In whose interests is the UK government negotiating post-Brexit trade deals? They would rather you didn’t know.
Campaigners had challenged the Department for International Trade (DIT) over its "hostile approach to freedom of information law".
Any potential trade deal will be more about what the US can take from Britain’s markets rather than what it will give, with big pushes to open up agricultural and pharmaceutical sectors to American businesses.
Investors are receiving monetary damages that they would not be entitled to outside of ISDS, on the basis of an unjustified and highly reductive understanding of value.
Allegedly arbitrary or disproportionate measures, albeit in the public interest, provide regular grist for the mill of investment treaty arbitration.
As it leaves the EU, Britain is taking a far more secretive approach to the many trade talks it is holding. Neither the public – nor even our MPs – are allowed to know what’s happening in those negotiations.
The changes joint committees are allowed to make to the CETA-text are in effect very far-reaching and at the same time binding, so they take up the role of legislator.
Understanding power is more important to predicting the winners and losers of neoliberal economic policies than knowing the economics.
Commercial ISDS adjudications trump democratically established laws and controls.
There is little doubt that the smaller stakeholders and businesses within India’s informal economy have the most to lose, and yet their voices are not being heard.
The European Union’s disproportionate pressure for trade liberalisation risks exacerbating political strains in the last democracy of northern Africa.
Maldives former president Mohamed Nasheed, whose party won a landslide in the archipelago’s parliamentary election, on Tuesday pledged to conduct a thorough probe into deals with China.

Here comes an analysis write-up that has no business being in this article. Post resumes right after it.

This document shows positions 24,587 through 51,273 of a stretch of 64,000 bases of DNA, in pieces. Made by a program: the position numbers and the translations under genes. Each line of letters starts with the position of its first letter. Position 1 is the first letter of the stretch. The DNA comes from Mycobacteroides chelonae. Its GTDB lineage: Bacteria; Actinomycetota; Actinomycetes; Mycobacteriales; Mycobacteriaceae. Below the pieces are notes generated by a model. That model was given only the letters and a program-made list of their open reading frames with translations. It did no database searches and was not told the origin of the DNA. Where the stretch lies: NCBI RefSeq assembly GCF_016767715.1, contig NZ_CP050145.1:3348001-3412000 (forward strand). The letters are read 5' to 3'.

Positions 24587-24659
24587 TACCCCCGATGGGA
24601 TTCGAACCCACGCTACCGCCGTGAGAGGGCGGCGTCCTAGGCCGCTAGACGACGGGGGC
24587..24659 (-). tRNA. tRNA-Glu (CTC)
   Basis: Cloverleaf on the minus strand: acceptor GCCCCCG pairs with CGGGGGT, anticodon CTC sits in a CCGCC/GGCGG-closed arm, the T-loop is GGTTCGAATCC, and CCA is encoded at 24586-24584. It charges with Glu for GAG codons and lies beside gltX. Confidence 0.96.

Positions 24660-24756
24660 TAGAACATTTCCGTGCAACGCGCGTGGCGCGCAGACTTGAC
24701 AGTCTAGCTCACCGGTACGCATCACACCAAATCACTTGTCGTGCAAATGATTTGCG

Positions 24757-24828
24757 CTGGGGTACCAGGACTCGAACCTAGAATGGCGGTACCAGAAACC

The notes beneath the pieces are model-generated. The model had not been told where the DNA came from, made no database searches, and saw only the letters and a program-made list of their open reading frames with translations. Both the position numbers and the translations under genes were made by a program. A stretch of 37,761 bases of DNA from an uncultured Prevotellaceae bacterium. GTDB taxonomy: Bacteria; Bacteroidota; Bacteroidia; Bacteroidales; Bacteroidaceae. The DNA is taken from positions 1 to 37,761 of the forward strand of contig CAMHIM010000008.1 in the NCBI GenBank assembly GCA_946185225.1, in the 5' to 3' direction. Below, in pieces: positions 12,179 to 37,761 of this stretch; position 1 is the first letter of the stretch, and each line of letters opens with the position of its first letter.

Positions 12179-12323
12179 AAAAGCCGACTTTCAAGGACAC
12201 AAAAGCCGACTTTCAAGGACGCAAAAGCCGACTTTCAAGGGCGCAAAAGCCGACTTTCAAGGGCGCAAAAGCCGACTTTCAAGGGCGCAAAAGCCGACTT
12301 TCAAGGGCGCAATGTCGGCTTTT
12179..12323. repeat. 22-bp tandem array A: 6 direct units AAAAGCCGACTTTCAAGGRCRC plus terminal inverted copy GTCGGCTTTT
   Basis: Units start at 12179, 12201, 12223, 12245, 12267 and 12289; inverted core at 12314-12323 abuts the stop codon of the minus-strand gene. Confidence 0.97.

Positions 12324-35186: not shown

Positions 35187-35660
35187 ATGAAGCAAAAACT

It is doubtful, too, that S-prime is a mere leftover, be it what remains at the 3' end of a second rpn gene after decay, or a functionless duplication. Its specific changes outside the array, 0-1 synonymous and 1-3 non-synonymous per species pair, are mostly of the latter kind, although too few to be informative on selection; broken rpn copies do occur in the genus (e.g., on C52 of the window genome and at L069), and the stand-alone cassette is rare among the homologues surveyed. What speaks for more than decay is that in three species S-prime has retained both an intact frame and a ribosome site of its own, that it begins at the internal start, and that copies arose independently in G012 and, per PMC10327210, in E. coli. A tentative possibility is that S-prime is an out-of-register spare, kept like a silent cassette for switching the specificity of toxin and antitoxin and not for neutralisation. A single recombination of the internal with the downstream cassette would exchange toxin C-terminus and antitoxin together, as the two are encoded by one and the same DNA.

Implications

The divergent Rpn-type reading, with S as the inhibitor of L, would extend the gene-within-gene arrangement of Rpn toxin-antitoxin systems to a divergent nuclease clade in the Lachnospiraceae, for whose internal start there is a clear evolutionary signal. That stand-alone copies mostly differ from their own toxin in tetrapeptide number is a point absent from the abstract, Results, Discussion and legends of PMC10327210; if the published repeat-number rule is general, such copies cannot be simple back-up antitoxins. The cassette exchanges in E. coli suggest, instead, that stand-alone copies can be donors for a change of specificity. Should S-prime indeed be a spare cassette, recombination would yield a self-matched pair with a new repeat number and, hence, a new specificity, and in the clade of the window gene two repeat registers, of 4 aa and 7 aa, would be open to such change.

Public opposition to the controversial Myitsone Dam project is gaining momentum ahead of Daw Aung San Suu Kyi’s upcoming visit to China.
Former Japanese minister Yamada joined forces with 150 lawyers that have challenged as unconstitutional both the TPP agreement and the government’s decision to abolish the seed protection law.
Documents show the “unfettered” access to ministers and senior politicians enjoyed by secretive think tanks that are “marching the country” to a no-deal Brexit and radical free-trade deals.
Although they will affect huge areas of society, many of these ’rollover’ deals would pass through parliament without any debate or vote.
Investment funds backing a slew of big-dollar corporate lawsuits has boomed over the past decade, fueled by favorable court rulings and investors seeking juicy returns.
Combined with the dispute settlement mechanism of international arbitration, investment treaties have been transformed intol "weapons of legal destruction."
The attempt by the European Parliament administration to exert pressure on a tweet on the EU-Japan trade agreement shocked MEP Younous Omarjeee, who condemned this as an attack on freedom of expression.
Free trade has enabled a few companies to secure monopolies or near-monopolies, which has given rise to massive inequalities.